Today’s branding example comes from my second home, Kaiser Permanente. My baby boy is five months old and the past year I have spent a SIGNIFICANT amount of time at Kaiser. During all those hours spent in waiting rooms (anyone else have to endure that 3 hour glucose test? Yuck!) I started to notice all the various elements that work together to create the Kaiser brand.
Hear the Brand
Every element of Kaiser’s brand, from the logo to the advertising to the services provided, is developed around its core messaging. A few years ago, that core message was ” Live well. Be well. Thrive.” Now, they’ve shortened it to simply “Thrive.” The word itself shows up in several different interactions such as literature and commercials. But even when the actual word isn’t present, the message is. In everything they do, Kaiser conveys the message that they want their patients to thrive and that they are available to help make that possible.
See the Brand
The visual elements of the brand always convey the message of thriving. As I walked through the halls of the hospital I saw lots of pictures of people smiling, eating healthy, and exercising. In a word, they’re thriving. The rest of the space is generally white, clean and modern so that the attention is always focused on the pictures of the people.
The logo is a huge part of the visual brand and it also conveys the image of thriving.
The logo shows up just about everywhere…on office walls, on the health literature they hand out, on nurses uniforms. With every encounter the patient becomes a little more familiar with it and begins to make connections between that logo and the real life experience they are having with that brand.
Experience the Brand
The biggest misunderstanding people have about brands is that they believe a brand is simply a logo, a color scheme, or a general look that determines how all their marketing pieces will be designed. But a brand is really about reputation. A brand is what people think of or feel when they hear about or come in contact with your company. Most people are familiar with Kaiser Permanente, the logo, the advertisements, the “look.” And yet ask people about their experiences with Kaiser, and you’ll get some radically different responses. It is in those responses that you’ll see the true impact of the brand.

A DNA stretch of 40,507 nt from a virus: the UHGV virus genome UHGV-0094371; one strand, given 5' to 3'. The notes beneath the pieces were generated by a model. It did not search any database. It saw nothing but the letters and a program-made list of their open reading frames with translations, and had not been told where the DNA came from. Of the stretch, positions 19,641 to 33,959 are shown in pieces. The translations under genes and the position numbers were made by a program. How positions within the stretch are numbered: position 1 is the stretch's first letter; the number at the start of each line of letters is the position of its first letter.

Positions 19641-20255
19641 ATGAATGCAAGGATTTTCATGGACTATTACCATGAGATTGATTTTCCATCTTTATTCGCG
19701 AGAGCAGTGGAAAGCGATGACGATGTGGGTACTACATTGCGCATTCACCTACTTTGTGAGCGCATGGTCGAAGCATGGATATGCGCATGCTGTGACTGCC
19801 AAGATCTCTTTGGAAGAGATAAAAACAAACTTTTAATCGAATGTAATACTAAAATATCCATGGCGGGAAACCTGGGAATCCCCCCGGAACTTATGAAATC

Personally, I’ve had great experiences with Kaiser. The staff is always friendly and knowledgeable. They offered some very helpful parenting classes. My doctors were easily reached via phone or email for questions that were important but didn’t warrant an actual visit. In my experience, thrive isn’t just a slogan that is broadcasted on radio commercials. It’s a mission statement that fuels every action of every staff member.
What do I think of when I hear “Kaiser Permanente”? It’s not the logo or the slogan or the decorations or the buildings. I think of my sweet midwife who regularly reassured me that my weight gain was normal. I think of the nurse who, when I called crying my eyes out and begging for anti nausea meds, very quickly got a prescription from the doctor so I could get the meds that day. I think of that perfect day in August when I got to hold my perfect baby boy after a long labor during which I required a whole team of nurses to get me through.
Three elements: messaging, visual, experience. Having one without the others will create a lopsided experience that won’t fully engage your clientele. Having all three will create a powerful brand that clients repeatedly use and share with others.
*DISCLAIMER- The views of this blog article are the views of the author and not the views of One Step Services or its affiliates. One Step does not endorse Kaiser Permanente nor does One Step officially encourage anyone to use Kaiser’s services. This is simply an article about the impact of corporate branding on one person and is in no way meant to sway one’s decision towards choosing a healthcare provider.